Finger sprains are injuries to the ligaments or any of the three joints of the fingers. Commonly referred to as "jammed" fingers, sprains are usually caused by "jamming" the finger into an opponent or being hit on the tip of the finger by the ball. Fingers are also injured by being bent back (hyperextended) by the ball. Athletes often overlook finger sprains because it is "just a finger". However, finger injuries can be very painful and can lead to chronic ailments if not treated promptly. Although finger sprains may not be serious, there are several other types of finger injuries that can occur in basketball. Some of these are more serious and require much more extensive care. If symptoms persist and seem more severe than those described below, the athlete should see a physician immediately. If the joint is dislocated (out of place), do not attempt to put it back in place. Splint the joint as it is and refer immediately to a physician for evaluation.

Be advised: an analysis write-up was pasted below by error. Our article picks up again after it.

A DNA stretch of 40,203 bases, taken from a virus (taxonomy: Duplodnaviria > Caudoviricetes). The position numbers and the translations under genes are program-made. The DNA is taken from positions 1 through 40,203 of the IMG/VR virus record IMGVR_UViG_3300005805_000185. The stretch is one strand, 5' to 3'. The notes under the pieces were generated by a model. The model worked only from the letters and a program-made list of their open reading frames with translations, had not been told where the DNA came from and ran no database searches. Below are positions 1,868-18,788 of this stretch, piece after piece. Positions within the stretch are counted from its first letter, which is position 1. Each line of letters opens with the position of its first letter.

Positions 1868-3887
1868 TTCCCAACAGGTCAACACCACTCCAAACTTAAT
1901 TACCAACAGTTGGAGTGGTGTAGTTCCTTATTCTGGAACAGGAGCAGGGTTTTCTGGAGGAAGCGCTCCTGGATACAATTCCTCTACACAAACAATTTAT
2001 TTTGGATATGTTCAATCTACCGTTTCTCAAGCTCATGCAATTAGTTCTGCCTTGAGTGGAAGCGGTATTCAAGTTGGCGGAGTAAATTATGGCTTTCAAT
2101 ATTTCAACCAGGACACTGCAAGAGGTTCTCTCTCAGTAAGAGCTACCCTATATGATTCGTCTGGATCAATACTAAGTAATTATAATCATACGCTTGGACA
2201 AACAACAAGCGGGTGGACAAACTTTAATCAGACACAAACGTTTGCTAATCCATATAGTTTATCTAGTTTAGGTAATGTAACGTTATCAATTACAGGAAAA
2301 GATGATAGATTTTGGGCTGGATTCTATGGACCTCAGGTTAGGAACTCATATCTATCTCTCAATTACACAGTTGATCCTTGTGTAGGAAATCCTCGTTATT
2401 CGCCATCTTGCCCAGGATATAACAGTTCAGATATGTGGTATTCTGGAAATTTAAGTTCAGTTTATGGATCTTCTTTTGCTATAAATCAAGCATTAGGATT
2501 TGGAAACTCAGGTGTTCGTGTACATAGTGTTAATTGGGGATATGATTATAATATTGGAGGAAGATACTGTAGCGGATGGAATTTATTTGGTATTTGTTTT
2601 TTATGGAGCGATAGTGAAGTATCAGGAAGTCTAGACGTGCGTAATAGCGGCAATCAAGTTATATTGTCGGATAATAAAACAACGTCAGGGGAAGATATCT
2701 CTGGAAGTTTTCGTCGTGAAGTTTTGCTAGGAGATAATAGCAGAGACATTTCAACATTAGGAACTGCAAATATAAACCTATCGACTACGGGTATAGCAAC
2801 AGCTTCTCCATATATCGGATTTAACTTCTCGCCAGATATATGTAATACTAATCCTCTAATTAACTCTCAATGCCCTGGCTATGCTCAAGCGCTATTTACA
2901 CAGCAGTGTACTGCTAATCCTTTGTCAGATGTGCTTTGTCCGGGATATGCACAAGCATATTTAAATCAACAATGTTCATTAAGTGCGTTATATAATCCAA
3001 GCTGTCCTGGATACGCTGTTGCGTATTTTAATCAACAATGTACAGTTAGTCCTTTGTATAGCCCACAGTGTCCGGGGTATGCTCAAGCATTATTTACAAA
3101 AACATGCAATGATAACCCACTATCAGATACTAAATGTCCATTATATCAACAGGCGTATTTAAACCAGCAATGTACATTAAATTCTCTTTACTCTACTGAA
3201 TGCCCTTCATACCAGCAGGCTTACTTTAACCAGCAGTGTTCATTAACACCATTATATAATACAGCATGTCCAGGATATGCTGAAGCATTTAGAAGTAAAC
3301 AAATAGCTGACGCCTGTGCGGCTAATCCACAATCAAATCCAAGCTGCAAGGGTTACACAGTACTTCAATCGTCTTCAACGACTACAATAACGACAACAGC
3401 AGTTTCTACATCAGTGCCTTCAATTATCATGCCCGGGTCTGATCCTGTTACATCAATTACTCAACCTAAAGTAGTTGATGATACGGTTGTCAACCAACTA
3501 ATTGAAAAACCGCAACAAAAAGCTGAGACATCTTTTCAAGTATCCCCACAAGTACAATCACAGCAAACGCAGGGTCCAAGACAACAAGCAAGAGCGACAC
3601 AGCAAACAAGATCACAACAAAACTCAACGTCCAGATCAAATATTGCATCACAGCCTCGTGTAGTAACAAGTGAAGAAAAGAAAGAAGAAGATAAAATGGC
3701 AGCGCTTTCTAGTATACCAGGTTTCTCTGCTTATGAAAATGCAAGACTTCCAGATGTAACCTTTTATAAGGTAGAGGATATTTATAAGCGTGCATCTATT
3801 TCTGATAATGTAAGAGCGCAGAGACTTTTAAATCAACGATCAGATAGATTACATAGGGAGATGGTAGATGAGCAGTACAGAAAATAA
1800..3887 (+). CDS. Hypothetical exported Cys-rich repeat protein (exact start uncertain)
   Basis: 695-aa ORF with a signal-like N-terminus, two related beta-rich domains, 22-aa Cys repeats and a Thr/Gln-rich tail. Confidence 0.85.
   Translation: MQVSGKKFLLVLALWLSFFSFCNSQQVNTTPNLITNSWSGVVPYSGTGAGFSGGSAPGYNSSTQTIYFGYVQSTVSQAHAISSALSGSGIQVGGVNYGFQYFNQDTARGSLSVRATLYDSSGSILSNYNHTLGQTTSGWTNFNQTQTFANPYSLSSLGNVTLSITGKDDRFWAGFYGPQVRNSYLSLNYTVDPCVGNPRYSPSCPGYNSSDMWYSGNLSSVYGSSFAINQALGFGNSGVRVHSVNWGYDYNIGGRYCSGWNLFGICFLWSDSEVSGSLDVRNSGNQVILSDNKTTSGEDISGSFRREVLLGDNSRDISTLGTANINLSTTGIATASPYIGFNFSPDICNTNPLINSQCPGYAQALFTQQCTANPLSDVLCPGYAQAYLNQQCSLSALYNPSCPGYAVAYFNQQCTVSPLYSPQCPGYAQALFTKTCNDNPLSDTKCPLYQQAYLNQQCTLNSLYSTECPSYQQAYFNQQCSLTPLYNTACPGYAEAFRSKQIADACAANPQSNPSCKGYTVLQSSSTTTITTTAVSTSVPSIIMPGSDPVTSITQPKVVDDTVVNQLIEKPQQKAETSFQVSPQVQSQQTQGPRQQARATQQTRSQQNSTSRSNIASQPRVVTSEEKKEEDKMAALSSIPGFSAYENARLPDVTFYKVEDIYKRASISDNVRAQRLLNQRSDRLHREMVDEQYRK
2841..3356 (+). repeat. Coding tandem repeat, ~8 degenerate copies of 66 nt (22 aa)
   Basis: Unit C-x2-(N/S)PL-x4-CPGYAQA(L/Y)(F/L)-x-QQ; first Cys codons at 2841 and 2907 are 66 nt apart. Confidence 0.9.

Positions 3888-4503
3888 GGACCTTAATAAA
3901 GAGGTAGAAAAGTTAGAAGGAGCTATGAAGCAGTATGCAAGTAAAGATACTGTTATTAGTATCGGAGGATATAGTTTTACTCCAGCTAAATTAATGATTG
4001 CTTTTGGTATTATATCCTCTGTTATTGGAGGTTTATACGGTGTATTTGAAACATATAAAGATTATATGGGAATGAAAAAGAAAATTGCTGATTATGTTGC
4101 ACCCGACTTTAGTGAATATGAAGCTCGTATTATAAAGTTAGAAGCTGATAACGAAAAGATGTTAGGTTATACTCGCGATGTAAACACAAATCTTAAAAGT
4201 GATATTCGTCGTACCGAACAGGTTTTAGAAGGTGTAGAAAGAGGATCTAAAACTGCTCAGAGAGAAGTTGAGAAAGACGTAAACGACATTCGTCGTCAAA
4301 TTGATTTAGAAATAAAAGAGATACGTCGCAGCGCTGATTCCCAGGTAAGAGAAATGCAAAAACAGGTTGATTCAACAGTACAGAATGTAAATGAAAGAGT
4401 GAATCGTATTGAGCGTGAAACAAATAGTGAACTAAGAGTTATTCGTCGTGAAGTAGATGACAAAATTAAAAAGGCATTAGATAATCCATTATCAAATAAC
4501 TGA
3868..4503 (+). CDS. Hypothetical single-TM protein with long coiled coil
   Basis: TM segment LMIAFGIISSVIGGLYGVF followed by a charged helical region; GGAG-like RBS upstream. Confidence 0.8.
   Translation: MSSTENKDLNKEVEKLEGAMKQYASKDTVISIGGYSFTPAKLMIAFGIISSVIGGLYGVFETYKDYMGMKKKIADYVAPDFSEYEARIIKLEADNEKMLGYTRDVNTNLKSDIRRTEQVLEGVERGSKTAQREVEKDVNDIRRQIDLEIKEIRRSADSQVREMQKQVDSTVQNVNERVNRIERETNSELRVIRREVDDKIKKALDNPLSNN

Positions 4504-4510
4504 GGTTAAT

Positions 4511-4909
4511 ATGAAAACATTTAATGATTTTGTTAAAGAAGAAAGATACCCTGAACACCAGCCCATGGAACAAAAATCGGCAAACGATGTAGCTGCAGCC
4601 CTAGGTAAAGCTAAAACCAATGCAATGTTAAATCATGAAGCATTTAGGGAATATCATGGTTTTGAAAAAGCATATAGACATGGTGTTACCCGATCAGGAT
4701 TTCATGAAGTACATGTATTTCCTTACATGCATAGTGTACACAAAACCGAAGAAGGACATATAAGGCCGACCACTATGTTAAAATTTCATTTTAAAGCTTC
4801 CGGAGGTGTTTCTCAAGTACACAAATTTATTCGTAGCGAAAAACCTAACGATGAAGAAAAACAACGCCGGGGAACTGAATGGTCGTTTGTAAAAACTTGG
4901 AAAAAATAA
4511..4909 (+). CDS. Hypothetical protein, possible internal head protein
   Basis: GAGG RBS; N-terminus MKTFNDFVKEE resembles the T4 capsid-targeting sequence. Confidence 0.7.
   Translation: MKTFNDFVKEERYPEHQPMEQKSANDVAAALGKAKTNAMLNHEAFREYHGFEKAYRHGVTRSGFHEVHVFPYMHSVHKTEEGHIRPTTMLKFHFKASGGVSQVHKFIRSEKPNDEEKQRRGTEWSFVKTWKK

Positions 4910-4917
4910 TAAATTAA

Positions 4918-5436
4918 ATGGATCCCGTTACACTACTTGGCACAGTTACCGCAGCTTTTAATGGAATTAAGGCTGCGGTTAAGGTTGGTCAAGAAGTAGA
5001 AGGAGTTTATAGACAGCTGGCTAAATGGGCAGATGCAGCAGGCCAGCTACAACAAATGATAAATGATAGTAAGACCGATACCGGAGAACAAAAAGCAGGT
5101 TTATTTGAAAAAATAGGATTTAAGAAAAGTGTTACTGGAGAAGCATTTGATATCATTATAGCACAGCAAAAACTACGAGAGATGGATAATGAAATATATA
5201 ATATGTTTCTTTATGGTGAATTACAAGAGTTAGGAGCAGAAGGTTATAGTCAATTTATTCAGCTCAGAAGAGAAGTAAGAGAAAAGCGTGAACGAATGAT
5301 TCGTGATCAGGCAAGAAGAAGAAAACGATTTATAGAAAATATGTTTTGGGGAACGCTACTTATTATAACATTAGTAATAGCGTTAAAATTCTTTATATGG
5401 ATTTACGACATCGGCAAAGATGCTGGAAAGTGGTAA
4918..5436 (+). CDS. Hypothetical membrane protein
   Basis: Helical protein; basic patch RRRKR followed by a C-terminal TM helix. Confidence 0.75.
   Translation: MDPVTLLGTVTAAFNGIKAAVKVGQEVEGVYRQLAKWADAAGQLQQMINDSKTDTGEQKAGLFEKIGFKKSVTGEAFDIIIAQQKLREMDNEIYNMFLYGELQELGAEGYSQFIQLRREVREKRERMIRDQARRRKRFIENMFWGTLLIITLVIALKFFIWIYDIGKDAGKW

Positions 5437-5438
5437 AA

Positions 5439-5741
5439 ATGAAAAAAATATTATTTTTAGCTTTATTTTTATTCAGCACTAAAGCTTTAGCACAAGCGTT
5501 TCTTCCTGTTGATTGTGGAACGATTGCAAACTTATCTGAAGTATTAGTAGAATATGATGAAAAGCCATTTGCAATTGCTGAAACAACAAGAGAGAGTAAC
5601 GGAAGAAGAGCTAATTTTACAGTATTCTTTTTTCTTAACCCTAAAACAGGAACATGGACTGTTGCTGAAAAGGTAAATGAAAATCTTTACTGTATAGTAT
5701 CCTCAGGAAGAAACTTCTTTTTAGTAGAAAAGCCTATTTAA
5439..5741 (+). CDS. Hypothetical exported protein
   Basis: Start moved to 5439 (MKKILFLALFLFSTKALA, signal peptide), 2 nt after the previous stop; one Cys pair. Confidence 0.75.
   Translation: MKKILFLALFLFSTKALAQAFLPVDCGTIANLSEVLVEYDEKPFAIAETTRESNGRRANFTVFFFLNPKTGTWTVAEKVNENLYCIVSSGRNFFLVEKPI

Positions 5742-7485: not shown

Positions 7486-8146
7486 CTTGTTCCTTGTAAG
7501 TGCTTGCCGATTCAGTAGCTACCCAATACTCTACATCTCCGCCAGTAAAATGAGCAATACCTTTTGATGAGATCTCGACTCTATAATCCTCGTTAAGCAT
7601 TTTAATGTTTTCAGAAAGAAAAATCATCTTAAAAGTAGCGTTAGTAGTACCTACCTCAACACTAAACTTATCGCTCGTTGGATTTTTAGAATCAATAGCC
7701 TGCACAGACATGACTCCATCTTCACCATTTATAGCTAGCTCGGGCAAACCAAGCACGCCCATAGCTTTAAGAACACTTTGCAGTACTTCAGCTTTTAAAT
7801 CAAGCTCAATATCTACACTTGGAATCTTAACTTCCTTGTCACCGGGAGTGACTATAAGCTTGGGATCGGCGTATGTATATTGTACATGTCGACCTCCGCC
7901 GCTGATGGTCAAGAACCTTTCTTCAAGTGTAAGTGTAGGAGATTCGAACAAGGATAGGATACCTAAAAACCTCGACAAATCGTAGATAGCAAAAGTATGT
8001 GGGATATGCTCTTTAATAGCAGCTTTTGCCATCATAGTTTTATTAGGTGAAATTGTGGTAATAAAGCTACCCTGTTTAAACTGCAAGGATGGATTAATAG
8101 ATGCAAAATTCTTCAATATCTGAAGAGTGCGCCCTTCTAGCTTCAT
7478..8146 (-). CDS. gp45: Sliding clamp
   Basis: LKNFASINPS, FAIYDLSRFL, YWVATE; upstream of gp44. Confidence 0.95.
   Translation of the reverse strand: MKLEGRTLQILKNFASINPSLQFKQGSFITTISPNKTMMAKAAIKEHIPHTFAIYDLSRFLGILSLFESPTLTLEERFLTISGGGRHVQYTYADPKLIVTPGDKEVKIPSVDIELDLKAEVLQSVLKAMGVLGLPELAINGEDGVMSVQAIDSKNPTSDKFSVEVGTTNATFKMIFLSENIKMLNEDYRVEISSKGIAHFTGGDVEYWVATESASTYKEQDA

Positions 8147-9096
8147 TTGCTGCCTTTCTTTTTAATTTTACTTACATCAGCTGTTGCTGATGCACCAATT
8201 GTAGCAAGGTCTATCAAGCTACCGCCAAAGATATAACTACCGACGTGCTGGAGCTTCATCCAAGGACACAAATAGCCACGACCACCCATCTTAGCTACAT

Signs of a finger sprain:
- Pain/stiffness with the motion of the joint
- Swelling of the joint
- Tender to touch sides of the joint
Treatment of finger sprain:
- Ice 15 min - an easy way is in a cup of ice water
- Immobilize or splint - can be done by taping 2 fingers together *always tape index finger to long finger and ring finger to small finger
This information is provided by Cleveland Clinic and is not intended to replace
the medical advice of your doctor or health care provider.
Please consult your health care provider for advice about a specific medical condition.
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